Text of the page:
Vista head scratcher

The next words are “Microsoft Windows Publisher”, and I’m offered two buttons called Continue and Cancel, with Cancel highlighted. At the bottom it says “User Account Control helps stop unauthorized changes to your computer”. It’s hard to think of a more opaque, meaningless piece of rubbish than this one. What’s the user going to do? Well, they’ll probably stab “Continue” in the vague hope that “If you started this action, continue” means a green light. There’s a Details button that’s just so fabulously, groaningly Microsoft that I laughed out loud when I pressed it. You see, the dialog box extends down by one extra line, and beneath the words “Microsoft Windows Publisher” is added the following: “C:WindowsSystem32SLUI.exe’ 0x03.” Well blow me down, it’s that old rascal slui.exe and his sidekick 0x03. Precisely what’s Joe Public supposed to make of this nonsense? By default there was no asking for my password, no real explanation of what’s going on, just a Desktop that dims to grey and an utterly useless bit of garbage thrown onto screen.

Vista head scratcher

This feature received a barrage of criticism during the early betas and a lot of work has been done on it since, but is this really the best that Microsoft could come up with? It’s just dawned on me why I hate it so much – once I’ve pressed the Continue button, the relevant configuration window appears, the dark grey disappears and we’re back in the normal Desktop. Surely if I’m going to be working in sensitive areas of the OS where changes could be damaging to the machine, then I ought to stay in grey world with only the appropriate configuration windows available to me? Only once I was finished could I return to normal world. Going into this badly explained grey world and then opening up the configuration dialog box in the middle of my session just doesn’t feel right. Maybe there are more changes to come before product release…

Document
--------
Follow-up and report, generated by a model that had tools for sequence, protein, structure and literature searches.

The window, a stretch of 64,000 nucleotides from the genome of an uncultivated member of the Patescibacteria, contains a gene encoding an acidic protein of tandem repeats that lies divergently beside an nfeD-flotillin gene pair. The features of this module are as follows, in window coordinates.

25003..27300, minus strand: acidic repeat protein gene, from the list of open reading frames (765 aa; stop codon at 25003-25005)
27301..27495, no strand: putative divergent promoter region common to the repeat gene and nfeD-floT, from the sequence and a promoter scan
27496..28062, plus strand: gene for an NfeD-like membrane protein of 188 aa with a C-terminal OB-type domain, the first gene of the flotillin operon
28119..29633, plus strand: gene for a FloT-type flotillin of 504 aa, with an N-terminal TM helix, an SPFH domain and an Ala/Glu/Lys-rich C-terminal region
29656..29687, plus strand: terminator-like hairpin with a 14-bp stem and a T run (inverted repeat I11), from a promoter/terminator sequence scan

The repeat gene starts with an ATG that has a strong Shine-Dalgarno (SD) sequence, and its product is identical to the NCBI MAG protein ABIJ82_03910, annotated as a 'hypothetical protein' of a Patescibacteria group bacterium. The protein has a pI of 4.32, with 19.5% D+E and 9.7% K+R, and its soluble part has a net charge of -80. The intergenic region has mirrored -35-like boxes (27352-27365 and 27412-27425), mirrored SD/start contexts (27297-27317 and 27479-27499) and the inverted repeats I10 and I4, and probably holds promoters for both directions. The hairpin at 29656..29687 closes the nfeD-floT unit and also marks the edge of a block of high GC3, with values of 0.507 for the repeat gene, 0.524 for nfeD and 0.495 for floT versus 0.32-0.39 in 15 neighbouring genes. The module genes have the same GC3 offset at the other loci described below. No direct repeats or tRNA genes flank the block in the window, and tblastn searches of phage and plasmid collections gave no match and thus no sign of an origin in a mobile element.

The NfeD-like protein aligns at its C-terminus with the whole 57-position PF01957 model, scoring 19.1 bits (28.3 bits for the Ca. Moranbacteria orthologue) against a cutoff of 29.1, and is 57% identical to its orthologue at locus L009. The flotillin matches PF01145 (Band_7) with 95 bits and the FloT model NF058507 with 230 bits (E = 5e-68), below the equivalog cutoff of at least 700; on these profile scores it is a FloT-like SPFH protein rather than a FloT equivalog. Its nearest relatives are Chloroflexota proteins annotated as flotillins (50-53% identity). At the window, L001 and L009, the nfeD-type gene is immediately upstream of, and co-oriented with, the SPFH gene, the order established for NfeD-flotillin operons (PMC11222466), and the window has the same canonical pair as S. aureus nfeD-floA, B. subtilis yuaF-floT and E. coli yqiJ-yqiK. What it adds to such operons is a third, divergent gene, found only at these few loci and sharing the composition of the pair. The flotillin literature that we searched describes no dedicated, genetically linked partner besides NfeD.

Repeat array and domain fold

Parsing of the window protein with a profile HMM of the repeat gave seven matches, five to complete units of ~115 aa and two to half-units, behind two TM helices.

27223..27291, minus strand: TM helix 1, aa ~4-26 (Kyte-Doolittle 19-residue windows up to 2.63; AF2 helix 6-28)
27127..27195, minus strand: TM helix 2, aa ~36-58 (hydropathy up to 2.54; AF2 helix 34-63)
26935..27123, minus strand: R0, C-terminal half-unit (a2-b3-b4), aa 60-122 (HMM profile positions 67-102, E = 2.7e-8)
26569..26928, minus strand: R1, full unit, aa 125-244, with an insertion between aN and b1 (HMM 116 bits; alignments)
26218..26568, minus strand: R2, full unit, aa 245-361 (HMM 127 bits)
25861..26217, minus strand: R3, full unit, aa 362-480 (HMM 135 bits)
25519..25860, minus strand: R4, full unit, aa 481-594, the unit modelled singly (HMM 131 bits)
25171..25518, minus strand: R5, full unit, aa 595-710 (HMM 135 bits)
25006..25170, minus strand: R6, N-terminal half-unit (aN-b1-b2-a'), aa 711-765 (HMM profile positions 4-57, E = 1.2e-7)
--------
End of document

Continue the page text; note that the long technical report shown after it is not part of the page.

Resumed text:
Memory tools

There are two little things that I now always carry around with me. The first is a dinky little box, smaller than a packet of cigarettes. It has a fold-out USB plug built in, so it’s cable-free – and it’s an 8GB hard disk. The manufacturer, Iomega, has done a stunning job with this device. It’s small enough to drop into suit trousers without looking like you’re carrying an entire toolkit, and yet it’s big enough at 8GB to be really useful. Formatted with FAT32, it can be read by most anything, and it’s quick too.

I’ve also fallen in love with even more dinky SanDisk Ultra II SD memory cards. At 1GB, these are a decent enough size, while performance is good too. However, its party piece is the internal hinge. Snap the device in half, and it folds over, presenting another set of connectors. In this mode, it goes straight into an available USB socket. An utterly brilliant move, because now I don’t need to haul a card reader around with me.

SBS recall

Sometimes I wonder why we bother doing beta testing when Microsoft can mess things up quite comprehensively all by itself. Its latest gaffe is the release of the R2 version of Small Business Server 2003 (SBS2003), which has become the subject of a blanket recall. Some 3,600 Standard Edition customers and 100 Premium Edition customers received code that was, shall we say, “suboptimal”. Apparently, the wrong versions of various components were on the install CDs and DVDs. The wording was suitably calming: “Microsoft recently became aware, during a regular audit of the product media (CDs and DVDs), that Microsoft Windows SBS2003 R2 contained non-final versions of some of the programs. Because Microsoft has only just released Windows SBS2003 R2 to our manufacturing partners (OEMs, system builders, and distributors) and the product is not yet generally available, the scope of this concern for partners and customers is very limited.”

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